One audience member followed up, saying, “By focusing on Mullinix’s raise and the unrestricted reserves, I think we’re losing sight of what the real point is: The staff feels frustrated and discouraged. Regarding layoffs, how many mid- and upper-level managers have been laid off? Have their salaries been frozen?”

All staff salaries have been frozen, the chancellor said, adding that he didn’t know how many managers were among those laid off. He advised looking at layoffs with some perspective. Out of a workforce of 13,000, just over 100 people have been laid off; positions have also gone unfilled, many of those at the manager level. “Would that we didn’t have to lay off a single individual,” he said.

Asked what he considers his most important legacies to the staff, Berdahl first cited the Career Development Opportunity Program (CDOP), which provides up to $5,250 annually for staff who want to explore new career-development options or pursue skills related to their current job. He said 2,500 people have taken advantage of the program. “Judging by the testimony people made about it enabling them to upgrade skills and improve their opportunities, I think the program has been very successful,” Berdahl said. He noted that half of the program’s participants come from jobs classified as Assistant I or II or Administrative Specialist.

The chancellor also pointed to the work of the Staff Infrastructure Steering Committee (SISC) as part of his legacy. The committee is reassessing the campus’s job-classification system, looking to align it to the outside job market, and exploring job-performance methodology. Berdahl sees SISC’s work as a means to pursue career advancement for the staff that is “transparent and logical.”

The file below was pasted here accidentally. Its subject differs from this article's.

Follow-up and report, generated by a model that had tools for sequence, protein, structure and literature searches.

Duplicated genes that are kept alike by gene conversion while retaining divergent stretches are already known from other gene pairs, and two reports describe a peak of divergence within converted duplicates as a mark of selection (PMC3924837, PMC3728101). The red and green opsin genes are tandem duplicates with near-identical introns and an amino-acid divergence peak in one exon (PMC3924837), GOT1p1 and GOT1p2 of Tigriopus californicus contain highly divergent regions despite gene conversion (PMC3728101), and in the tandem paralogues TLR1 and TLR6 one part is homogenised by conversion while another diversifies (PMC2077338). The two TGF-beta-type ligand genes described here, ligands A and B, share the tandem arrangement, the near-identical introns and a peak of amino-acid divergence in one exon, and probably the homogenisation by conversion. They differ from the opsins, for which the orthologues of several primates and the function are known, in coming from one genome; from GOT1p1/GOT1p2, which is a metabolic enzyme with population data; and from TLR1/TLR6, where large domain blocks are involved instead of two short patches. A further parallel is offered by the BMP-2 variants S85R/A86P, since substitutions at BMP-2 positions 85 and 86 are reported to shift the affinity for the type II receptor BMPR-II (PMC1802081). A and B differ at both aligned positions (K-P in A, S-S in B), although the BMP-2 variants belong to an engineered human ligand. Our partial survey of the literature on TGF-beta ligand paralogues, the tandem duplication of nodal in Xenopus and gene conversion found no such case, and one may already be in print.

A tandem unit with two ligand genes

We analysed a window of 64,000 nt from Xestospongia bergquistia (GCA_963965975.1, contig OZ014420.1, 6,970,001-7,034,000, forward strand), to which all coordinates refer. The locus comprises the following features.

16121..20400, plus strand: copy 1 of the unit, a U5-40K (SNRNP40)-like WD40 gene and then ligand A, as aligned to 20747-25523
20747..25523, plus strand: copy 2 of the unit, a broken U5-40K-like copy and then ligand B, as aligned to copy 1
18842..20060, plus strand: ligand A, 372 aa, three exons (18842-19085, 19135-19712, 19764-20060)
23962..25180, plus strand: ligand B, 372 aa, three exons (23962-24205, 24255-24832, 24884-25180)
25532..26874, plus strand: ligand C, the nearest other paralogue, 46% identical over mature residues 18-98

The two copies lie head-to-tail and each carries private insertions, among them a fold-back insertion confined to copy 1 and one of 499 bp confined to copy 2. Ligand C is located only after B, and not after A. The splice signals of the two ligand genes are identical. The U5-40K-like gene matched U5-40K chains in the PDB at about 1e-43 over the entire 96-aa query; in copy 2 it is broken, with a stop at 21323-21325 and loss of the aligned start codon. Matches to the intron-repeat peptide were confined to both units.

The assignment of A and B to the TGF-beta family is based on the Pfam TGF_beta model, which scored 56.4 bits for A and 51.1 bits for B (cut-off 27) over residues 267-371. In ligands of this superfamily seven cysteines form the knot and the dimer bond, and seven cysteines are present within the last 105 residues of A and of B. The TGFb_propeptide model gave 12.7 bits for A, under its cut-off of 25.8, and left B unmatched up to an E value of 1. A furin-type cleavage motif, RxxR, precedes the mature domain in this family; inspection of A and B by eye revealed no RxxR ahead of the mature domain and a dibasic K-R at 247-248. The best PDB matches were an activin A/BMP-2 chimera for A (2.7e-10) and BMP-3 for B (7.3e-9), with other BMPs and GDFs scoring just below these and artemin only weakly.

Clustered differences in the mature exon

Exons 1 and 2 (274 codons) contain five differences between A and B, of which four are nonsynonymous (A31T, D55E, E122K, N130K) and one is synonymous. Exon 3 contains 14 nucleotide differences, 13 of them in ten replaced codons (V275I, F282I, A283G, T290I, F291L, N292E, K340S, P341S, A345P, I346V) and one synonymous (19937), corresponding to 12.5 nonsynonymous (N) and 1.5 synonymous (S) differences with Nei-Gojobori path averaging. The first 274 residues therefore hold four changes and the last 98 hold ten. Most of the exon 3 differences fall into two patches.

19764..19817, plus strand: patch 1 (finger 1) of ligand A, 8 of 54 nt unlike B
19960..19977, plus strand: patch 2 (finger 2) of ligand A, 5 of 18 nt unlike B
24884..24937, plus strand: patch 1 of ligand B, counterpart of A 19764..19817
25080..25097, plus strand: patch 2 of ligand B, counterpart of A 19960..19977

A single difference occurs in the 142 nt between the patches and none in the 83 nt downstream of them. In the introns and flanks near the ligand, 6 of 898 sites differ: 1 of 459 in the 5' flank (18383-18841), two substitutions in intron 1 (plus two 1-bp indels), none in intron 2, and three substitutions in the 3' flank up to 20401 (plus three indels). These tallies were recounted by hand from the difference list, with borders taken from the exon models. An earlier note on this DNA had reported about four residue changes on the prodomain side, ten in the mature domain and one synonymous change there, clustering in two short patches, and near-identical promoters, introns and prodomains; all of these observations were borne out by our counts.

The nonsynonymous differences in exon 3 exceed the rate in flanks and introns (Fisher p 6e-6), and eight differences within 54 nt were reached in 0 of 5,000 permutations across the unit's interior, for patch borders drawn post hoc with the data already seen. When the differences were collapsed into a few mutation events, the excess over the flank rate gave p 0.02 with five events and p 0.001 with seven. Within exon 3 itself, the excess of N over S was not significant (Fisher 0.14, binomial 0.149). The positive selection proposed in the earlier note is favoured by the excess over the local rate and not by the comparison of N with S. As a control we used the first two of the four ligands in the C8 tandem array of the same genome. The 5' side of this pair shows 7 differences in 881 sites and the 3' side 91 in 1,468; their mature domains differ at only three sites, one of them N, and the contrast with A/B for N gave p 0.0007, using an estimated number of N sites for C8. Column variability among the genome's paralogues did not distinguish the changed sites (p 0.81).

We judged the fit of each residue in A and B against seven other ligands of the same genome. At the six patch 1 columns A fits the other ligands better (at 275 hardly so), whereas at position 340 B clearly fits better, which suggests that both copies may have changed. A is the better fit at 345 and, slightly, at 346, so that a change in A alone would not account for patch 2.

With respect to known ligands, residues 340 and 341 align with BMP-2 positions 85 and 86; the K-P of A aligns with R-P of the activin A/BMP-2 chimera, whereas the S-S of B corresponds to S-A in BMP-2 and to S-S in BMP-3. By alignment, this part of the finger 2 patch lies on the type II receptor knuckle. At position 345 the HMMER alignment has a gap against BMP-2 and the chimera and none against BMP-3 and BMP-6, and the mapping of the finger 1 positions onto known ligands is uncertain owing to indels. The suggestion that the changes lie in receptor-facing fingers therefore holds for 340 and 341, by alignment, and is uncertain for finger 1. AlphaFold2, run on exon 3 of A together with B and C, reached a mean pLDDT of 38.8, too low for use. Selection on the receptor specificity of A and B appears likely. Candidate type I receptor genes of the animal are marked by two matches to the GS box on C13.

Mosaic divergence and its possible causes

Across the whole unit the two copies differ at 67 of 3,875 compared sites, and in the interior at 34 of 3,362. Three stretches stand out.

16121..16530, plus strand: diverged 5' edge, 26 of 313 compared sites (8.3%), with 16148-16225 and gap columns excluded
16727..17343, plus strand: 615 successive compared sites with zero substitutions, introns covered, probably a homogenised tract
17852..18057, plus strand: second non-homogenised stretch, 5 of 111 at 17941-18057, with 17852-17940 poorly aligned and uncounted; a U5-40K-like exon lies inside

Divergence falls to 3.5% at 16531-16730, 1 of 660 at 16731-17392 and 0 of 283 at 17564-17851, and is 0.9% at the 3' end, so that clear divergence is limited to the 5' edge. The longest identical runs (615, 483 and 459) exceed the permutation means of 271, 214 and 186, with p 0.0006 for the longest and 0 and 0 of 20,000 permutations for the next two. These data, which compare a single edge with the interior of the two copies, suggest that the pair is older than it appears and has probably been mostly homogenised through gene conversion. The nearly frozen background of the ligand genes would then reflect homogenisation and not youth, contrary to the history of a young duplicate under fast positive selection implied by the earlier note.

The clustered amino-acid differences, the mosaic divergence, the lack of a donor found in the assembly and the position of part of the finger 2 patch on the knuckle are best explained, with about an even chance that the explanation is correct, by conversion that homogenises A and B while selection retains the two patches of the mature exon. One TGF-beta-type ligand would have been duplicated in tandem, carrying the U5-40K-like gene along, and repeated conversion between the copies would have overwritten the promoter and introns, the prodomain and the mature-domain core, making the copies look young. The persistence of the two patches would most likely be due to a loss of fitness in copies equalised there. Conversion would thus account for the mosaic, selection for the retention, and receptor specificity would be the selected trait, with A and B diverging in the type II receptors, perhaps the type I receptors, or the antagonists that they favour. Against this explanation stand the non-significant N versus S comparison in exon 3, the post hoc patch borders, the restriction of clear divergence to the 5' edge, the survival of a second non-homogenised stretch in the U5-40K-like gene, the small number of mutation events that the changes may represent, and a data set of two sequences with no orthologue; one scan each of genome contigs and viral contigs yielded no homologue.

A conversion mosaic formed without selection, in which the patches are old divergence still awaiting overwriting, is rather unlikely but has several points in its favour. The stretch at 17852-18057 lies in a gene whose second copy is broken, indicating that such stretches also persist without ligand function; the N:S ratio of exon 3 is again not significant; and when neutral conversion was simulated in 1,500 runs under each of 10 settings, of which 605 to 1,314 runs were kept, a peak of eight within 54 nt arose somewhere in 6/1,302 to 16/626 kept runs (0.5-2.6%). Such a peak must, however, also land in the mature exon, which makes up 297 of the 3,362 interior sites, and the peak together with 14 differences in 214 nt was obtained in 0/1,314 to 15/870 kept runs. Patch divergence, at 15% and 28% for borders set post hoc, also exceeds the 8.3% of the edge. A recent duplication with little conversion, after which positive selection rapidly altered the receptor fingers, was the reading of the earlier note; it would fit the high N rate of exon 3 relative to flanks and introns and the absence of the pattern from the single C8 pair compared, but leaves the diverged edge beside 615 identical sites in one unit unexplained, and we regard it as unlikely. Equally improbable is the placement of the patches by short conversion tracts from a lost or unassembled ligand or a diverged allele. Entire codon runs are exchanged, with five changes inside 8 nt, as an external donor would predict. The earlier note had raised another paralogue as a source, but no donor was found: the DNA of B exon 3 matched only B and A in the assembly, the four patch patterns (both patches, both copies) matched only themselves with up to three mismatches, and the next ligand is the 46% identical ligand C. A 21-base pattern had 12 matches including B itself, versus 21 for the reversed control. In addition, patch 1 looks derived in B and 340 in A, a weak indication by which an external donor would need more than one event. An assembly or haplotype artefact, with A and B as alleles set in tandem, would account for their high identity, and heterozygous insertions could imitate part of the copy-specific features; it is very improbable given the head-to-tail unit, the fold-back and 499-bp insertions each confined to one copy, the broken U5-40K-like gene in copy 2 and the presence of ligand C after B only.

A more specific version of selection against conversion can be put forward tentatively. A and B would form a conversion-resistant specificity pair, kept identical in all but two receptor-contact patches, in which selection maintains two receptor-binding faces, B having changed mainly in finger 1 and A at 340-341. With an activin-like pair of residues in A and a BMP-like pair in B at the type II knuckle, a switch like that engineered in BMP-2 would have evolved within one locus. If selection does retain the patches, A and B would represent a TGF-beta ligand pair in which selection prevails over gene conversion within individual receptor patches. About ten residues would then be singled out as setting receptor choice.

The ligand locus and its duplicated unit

After the event, staff reaction was clearly mixed. “He says he understands our pain, but nothing has been done for several years,” said John Zupan, president of the campus local of University Professional and Technical Employees. “I’ve been to three or four of these things, and the message is always the same.“

By way of contrast, Stephanie Siri, director of Audit and Advisory Services, said, “I always find these talks informative. I feel like he’s being very candid with us and has the staff’s best interests at heart.”

According to Paul Riofski, a BSA officer who participated in preparatory sessions with the chancellor and his staff, Berdahl responded to some ideas before the event and will explore others as a result of it. For example, a staff member had e-mailed in a complaint that the lunch-hour address cuts into employees’ personal time. Berdahl responded by sending out an e-mail to campus department heads requesting that they authorize release time for the event.